Tuesday, May 20, 2008

Using Encyclopedia and Reference Sources

Need fast access to a map of France? Searching for a short overview of the Cold War? Looking for the definition of antidisestablishmentarianism? Try Oxford Reference Online, a cross-searchable collection of over 100 subject dictionaries, thesauri, maps, encyclopedias, and almanacs. This database can be accessed via the "dictionary & Encyclopedia Search" link on the left column of the library home page. Oxford Reference Online provides access to reference materials on a wide range of subjects such as art, science, computing, history, law, literature, religion, and many others. You may search by key word or browse by subject. You may even search within a particular e-book or browse an e-book's index.

Ready reference sources like Oxford Reference Online, Gale Virtual Reference, and Credo Reference can be a valuable first stop when beginning your library research. They provide basic, reliable information to help you understand your topic better. They can also help you identify key terms and phrases to use when searching for scholarly articles and books in the library research databases. Entries in these resources often provide links to more information and can get you on your way to find the materials you need.

Sunday, May 11, 2008

Find Government Information

When you're in need of a piece of information or data, form or report that you know the U.S. federal government produces, but have no idea how to locate it, follow these tips and resources for help:

1. Search tips:
  • Most federal government sites contain the .gov or .mil (military sites) suffix in the URL - you can often locate a specific department by using the appropriate domain combined with the department abbreviation or name. For example, the Dept. of Justice is: http://www.justice.gov/ and the Army home page is: http://www.army.mil/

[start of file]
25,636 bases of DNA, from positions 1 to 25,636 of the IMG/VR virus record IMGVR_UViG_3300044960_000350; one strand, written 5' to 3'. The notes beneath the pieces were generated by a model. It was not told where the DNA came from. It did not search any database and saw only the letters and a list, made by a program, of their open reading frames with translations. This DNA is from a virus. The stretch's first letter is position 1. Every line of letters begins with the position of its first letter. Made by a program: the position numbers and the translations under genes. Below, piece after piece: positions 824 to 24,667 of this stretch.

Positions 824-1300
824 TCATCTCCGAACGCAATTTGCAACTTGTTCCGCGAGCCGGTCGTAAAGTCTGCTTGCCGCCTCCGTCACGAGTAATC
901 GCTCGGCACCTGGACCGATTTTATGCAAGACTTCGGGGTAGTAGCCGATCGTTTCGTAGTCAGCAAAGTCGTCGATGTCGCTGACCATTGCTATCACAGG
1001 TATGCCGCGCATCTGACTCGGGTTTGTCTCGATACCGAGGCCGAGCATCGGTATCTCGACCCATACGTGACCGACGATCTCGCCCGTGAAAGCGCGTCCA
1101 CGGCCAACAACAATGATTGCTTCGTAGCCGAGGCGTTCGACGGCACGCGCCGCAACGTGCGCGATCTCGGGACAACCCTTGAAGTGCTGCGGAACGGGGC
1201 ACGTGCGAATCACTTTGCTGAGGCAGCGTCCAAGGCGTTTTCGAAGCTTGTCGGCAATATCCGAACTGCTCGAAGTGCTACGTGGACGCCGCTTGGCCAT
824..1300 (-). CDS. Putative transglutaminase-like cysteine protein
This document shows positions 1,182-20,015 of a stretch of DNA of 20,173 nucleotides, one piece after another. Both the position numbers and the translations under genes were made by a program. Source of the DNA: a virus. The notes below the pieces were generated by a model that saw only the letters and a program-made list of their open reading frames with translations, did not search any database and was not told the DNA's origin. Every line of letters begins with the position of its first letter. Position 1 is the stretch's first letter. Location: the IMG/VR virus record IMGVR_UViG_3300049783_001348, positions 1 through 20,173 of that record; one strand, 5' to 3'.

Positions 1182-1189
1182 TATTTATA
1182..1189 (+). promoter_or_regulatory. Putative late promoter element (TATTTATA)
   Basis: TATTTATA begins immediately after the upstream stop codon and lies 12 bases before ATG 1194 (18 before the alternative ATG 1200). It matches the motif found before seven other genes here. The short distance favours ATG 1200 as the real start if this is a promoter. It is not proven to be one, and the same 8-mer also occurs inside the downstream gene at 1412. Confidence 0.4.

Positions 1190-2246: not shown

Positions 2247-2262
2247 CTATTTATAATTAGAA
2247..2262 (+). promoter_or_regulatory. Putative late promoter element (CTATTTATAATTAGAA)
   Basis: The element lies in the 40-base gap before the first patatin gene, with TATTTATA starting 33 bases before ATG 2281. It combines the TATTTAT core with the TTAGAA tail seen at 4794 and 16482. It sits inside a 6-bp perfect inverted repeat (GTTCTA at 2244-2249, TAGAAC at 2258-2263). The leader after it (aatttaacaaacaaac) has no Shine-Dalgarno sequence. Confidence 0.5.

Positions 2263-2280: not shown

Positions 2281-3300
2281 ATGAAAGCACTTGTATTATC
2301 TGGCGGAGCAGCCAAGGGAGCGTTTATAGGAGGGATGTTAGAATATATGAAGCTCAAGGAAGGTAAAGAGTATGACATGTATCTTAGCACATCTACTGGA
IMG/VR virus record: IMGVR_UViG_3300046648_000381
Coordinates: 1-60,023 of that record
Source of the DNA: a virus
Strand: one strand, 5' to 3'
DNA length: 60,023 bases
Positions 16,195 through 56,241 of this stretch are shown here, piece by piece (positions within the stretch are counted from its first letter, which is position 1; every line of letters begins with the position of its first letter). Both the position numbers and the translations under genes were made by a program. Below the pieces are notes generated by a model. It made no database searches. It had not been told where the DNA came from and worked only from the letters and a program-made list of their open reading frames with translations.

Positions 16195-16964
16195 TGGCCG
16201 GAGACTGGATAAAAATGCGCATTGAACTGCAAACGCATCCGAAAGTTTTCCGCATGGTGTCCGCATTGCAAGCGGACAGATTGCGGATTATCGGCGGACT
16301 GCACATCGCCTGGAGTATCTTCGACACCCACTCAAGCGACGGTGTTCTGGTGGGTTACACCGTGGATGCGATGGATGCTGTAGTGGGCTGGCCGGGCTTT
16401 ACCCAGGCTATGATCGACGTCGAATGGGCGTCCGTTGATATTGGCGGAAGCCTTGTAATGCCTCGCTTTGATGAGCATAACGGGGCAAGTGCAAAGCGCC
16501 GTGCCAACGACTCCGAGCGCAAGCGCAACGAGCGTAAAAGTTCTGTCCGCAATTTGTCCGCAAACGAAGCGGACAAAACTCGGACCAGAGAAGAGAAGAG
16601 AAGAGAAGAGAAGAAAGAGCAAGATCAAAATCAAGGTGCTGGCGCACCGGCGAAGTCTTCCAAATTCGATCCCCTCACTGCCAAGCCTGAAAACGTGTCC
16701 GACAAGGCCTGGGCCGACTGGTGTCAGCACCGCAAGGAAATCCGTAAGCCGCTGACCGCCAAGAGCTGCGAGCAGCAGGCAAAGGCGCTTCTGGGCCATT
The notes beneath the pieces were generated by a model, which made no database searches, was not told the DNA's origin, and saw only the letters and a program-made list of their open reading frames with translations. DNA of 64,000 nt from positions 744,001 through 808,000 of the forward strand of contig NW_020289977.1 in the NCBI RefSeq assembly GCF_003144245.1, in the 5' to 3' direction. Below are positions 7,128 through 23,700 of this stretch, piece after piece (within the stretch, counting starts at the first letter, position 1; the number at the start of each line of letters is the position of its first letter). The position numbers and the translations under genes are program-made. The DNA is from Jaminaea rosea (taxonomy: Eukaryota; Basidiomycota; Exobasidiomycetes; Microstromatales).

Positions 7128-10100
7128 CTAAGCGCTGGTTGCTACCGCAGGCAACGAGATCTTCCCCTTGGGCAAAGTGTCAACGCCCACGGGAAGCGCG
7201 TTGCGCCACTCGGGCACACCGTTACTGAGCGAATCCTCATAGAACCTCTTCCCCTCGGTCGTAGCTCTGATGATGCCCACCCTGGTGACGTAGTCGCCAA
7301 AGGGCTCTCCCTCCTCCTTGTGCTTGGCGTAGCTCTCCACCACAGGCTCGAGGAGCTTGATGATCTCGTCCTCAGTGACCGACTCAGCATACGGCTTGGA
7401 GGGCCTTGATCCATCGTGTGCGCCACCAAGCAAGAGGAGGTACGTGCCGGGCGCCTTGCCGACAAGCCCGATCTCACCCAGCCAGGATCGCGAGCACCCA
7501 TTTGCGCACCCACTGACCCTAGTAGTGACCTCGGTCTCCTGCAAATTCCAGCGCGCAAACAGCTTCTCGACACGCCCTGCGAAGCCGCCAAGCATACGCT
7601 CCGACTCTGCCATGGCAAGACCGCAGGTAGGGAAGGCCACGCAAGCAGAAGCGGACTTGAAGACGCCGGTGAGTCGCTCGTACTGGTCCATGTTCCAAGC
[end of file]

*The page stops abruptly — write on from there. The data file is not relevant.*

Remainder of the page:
• You can limit a Google search to .gov or .mil pages by placing site:.gov (or site:.mil) at the end of your search string (e.g.: "mercury emissions" site:.gov)
  • If you need a government document that you cannot find online, you can Locate a Federal Depository Library near you and tap the free collections, tools and expert knowledge of the librarians there.
2. Search tools:
There are a number of portal sites that can be used to quickly search or browse through government web pages:
  • usa.gov - official gateway for all government information. Includes sections for data, laws, forms, maps, etc.
  • GPO Access - publishes most official documents produced by all three branches of the government, such as congressional bills, Supreme Court documents and public papers of the President.
  • FedWorld.gov - especially useful for locating scientific and technical documents.
  • Thomas - find bills, laws, congressional reports, anything related to the legislative branch.
  • U.S. Census: American Factfinder - source for current population, economic, and geographic census information.

Tuesday, May 6, 2008

Using ScienceDirect

Don't be mislead by ScienceDirect's name. While best known as "the world's largest electronic collection of science, technology and medicine...information," ScienceDirect also has strong holdings in the social sciences including psychology, human behavior, sociology, and instructional technology.

Thanks to the cooperative buying power of SUNYConnect library consortia, all of ScienceDirect's 1,800+ full-text journal titles are available for searching. Also consider using ScienceDirect if you need the very latest information on a topic. Many publishers post articles "in press" as corrected proofs.

ScienceDirect offers a "Quick Search" feature at the top of the page to search across the entire collection, or click on the green "Search" button in the horizontal navigation at the top to limit your search to a specific subject area. Click the "Journals" tab to display journals by subject discipline or to search by journal title. In the results, use the "Cited by" option to connect to the fulltext of other articles that are cited in the article's bibliography. This is a great way to explore related readings on your topic.

ScienceDirect home page and search options:

To access ScienceDirect go to the library's home page (http://www.esc.edu/library) and click on the "Resources by Subject (or by title)" links in the left column.